Houston Chronicle: Art Daybook: Third Ward as Monopoly game

Full article by Molly Glentzer


The current round of installations, "The Act of Doing," examines how the 2-year-old Emancipation Economic Development Council, which the Project co-founded, is dealing with rapid gentrification. One house contains an informative and dense timeline display. Nikita Hodge's Tre Chic pop-up boutique occupies another house, selling goods by black artists and artisans on Saturdays. Several of the other houses feature evocative video installations.

But Newsome hits it out of the park - passing "Go" and then some - by presenting the story of Third Ward's real-estate scramble as a Monopoly game.

Newsome calls himself a smart-aleck with a weird sense of humor. But the pain of this satirical game is real. He grew up in Third Ward, returned as an adult and bought his own fixer-upper home on Southmore about 12 years ago. That place, where he's invested so much sweat equity, now costs him more every year in property taxes, as values skyrocket.

Houston Chronicle: Regina Agu gets the drift at Project Row Houses

Full article by Molly Glentzer


Regina Agu's minimal and elegant "Sargassum" installation at Project Row Houses quietly consumes the single-room space at 2511 Holman with an 80-foot curtain that wraps around three walls, containing a panoramic photographic print of a grass-lined beach.

The title hints that this isn't just an inventive way to display a landscape: Sargassum is the genus of brown seaweed that Galveston visitors know all too well.

The image is printed on billboard vinyl, a material that's also used to advertise seaside attractions. It depicts four experimental sand dunes Texas A&M environmental scientists built on East Beach after the massive seaweed invasion of 2014, studying ways to use the invasive plants as a tool for slowing erosion.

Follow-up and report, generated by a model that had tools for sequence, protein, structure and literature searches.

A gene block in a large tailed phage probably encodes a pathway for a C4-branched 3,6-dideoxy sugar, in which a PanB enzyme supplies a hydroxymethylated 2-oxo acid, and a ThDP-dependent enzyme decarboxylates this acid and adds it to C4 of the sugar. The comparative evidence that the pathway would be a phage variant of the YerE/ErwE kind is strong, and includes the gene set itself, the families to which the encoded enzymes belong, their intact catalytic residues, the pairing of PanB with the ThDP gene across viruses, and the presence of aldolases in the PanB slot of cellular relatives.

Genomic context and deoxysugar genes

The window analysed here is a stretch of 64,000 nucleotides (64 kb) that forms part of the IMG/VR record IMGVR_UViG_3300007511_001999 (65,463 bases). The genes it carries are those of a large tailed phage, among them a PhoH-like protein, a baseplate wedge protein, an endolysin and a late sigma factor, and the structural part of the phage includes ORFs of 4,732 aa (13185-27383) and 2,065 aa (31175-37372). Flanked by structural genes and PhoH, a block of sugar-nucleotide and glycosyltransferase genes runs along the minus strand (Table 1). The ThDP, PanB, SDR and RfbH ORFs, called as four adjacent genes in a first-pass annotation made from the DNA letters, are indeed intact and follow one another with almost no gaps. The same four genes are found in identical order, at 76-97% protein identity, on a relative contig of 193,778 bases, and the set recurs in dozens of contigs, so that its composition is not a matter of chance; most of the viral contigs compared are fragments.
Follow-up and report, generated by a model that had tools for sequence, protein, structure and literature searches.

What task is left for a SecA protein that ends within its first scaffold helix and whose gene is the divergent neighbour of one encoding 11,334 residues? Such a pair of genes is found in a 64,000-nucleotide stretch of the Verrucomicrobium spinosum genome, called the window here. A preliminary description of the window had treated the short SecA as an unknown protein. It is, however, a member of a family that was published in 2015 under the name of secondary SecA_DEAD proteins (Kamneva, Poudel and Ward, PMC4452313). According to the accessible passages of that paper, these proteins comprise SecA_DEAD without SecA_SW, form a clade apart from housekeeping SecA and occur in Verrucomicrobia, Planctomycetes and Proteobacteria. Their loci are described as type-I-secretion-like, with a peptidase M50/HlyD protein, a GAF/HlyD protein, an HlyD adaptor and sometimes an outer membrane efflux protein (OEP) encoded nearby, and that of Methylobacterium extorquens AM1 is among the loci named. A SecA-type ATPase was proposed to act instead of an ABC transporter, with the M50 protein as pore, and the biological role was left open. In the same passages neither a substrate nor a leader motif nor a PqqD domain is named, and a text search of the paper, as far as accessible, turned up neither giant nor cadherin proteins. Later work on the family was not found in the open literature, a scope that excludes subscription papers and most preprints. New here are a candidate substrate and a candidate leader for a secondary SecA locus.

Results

Houston Chronicle: Artists honor music as gateway to expression

Full article by Molly Glentzer


His deliberately informal "Jazz Church" leads visitors on a ramble through several rooms that mix his own work with album covers, concert fliers, news clippings and other ephemera - a riot of information that could provide a pretty rich education, if you had time to absorb it all.

Malone also has organized a few intimate, live performances in the space, limiting the free tickets to 35 seats, "so people can feel like they've won the lottery," he said.

Houston Chronicle: Jesse Lott always has a hand in the action

Full article by Molly Glentzer


Jesse Lott's own hands are large and strong, on the slender side, with long fingers and nails that reflect years of an artist's tedious work with metal and wood.

The hands he creates - the ones that are a significant element of his sculptures and drawings - are almost always spread wide, expressing an indomitable human spirit.

The colorful characters he summons forth in his sculptures have highly expressive faces, arms and legs - you sense history, hardship and dignity coursing through their veins. But the hands, which are never the same, make your heart sing.